Stocks lose steam in final hour of trading as Wall Street fights to sustain a comeback

FAN Editor

Stocks rose Wednesday, building on strong gains from the previous session as investors tried to recover some of this year’s steep losses. Traders also weighed comments from Federal Reserve Chair Jerome Powell, who reiterated the central bank’s stance to fight inflation.

The broader market index climbed 0.7%. The Dow Jones Industrial Average gained 161 points, or 0.5%. The Nasdaq Composite jumped 0.8%.

On Tuesday, the major averages all rallied more than 2%.

Those gains followed the worst weekly loss for stocks since 2020 after more aggressive monetary tightening from the Federal Reserve sparked concerns of a recession on Wall Street. Last week, the central bank raised rates by 0.75 percentage point and hinted another increase of that magnitude was possible next month.

“Broadly, yesterday and today strike me as kind of just a typical relief rally after the really aggressive downside from last week,” said Ross Mayfield, investment strategy analyst at Baird. “Nothing meaningful has shifted as we tried to search for where the actual bottom of this bear market is.”

Fed Chair Powell on Wednesday played down recession concerns and told Congress the central bank has the “resolve” to tame inflation that has surged to 40-year highs.

“At the Fed, we understand the hardship high inflation is causing,” the Fed chief said to the Senate Banking Committee. “We are strongly committed to bringing inflation back down, and we are moving expeditiously to do so.”

Powell added that the Fed will stay the course until it sees “compelling evidence that inflation is moving down.” He also said achieving a soft landing for the economy without a recession has become “significantly more challenging.”

The Federal Reserve’s shift last week to a more aggressive inflation-fighting stance unnerved investors who worried the central bank would rather risk a recession than endure persistent high inflation.

“Inflation remains the biggest risk to financial assets, and Jerome Powell has made his position abundantly clear: The Fed will continue to raise interest rates until inflation begins to wane. Until then, a sustainable rally for risk assets is hard to imagine,” wrote Robert Schein, chief investment officer of Blanke Schein Wealth Management.

“Tight monetary conditions will continue to be a headwind to financial markets until the Fed gives the greenlight,” Schein continued.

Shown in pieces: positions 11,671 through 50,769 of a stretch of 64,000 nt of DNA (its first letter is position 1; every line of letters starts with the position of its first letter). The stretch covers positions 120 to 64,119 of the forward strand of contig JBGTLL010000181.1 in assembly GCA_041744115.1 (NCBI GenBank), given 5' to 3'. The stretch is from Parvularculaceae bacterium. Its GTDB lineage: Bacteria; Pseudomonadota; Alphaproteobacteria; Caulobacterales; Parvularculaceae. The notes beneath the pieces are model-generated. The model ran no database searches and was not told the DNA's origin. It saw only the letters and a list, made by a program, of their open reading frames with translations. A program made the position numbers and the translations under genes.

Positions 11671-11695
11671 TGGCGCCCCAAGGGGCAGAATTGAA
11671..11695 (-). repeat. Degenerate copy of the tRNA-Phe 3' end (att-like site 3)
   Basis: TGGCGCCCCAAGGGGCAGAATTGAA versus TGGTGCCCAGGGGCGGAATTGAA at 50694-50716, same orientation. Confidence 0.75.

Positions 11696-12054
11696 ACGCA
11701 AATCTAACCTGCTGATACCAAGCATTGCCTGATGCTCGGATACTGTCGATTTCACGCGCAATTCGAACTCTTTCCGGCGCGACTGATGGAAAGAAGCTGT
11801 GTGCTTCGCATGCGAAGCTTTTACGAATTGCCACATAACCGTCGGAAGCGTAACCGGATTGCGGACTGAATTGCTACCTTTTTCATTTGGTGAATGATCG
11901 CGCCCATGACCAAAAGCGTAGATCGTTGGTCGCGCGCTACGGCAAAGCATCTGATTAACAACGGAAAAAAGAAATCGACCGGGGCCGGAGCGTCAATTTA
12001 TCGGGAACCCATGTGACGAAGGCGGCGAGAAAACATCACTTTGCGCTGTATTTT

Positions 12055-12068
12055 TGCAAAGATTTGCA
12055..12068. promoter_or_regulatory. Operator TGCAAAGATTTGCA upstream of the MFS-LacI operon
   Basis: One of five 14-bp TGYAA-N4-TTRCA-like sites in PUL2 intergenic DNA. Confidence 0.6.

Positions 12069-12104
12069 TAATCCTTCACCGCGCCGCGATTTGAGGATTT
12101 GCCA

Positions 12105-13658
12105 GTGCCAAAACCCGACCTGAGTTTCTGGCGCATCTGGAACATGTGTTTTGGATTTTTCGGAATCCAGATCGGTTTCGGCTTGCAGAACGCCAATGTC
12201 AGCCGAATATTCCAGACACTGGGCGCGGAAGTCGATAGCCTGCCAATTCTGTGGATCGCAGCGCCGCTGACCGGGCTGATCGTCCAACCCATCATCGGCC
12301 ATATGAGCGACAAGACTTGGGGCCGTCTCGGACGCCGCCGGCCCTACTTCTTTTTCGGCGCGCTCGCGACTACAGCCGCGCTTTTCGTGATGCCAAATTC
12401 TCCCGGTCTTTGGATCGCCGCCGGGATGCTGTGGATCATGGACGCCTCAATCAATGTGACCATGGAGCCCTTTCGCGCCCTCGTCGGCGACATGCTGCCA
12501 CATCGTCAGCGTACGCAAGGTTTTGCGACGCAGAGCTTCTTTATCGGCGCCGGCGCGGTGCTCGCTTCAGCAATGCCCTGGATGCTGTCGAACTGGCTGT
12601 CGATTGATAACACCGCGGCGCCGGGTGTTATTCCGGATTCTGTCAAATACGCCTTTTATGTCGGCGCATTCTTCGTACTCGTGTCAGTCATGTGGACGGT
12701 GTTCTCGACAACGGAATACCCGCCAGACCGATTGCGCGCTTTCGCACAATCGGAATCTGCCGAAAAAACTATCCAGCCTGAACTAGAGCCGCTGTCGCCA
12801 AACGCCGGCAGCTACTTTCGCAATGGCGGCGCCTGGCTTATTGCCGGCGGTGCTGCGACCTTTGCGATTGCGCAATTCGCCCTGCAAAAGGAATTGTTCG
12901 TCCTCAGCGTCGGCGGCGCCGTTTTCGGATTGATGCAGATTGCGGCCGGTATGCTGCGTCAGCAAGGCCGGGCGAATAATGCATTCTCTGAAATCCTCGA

Oil and bond yields fell on Wednesday, relieving some of the pressure they’ve given stocks lately. Brent crude futures dropped 2% to $112.41 per barrel. West Texas Intermediate, the U.S. oil benchmark, declined 2.2% to $107.02 per barrel.

The benchmark 10-year note yield fell to below 3.2%. Yields move inversely to prices.

A peek into the S&P 500 showed that the real estate and health care sectors drove outperformance in the broader market index, with the two sectors each up 2%. Shares of Crown Castle and American Tower jumped 5% and 4%, respectively. Shares of Moderna surged 7%.

Consumer discretionary stocks such as homebuilders Lennar and D.R. Horton each jumped 3%.

Meanwhile, expectations of a pending recession continued to grow on Wall Street this week. Citigroup raised chances of a global recession to 50%, pointing to data that consumers are starting to pull back on spending.

“The experience of history indicates that disinflation often carries meaningful costs for growth, and we see the aggregate probability of recession as now approaching 50%,” read a note from Citigroup.

Goldman Sachs believes a recession is becoming increasingly likely for the U.S. economy, saying that the risks are “higher and more front-loaded.”

“The main reasons are that our baseline growth path is now lower and that we are increasingly concerned that the Fed will feel compelled to respond forcefully to high headline inflation and consumer inflation expectations if energy prices rise further, even if activity slows sharply,” the firm said in a note to clients.

Meanwhile, UBS said Tuesday in a note to clients that it does not expect a U.S. or global recession in 2022 or 2023 in its base case, “but it’s clear that the risks of a hard landing are rising.”

“Even if the economy does slip into a recession, however, it should be a shallow one given the strength of consumer and bank balance sheets,” UBS added.

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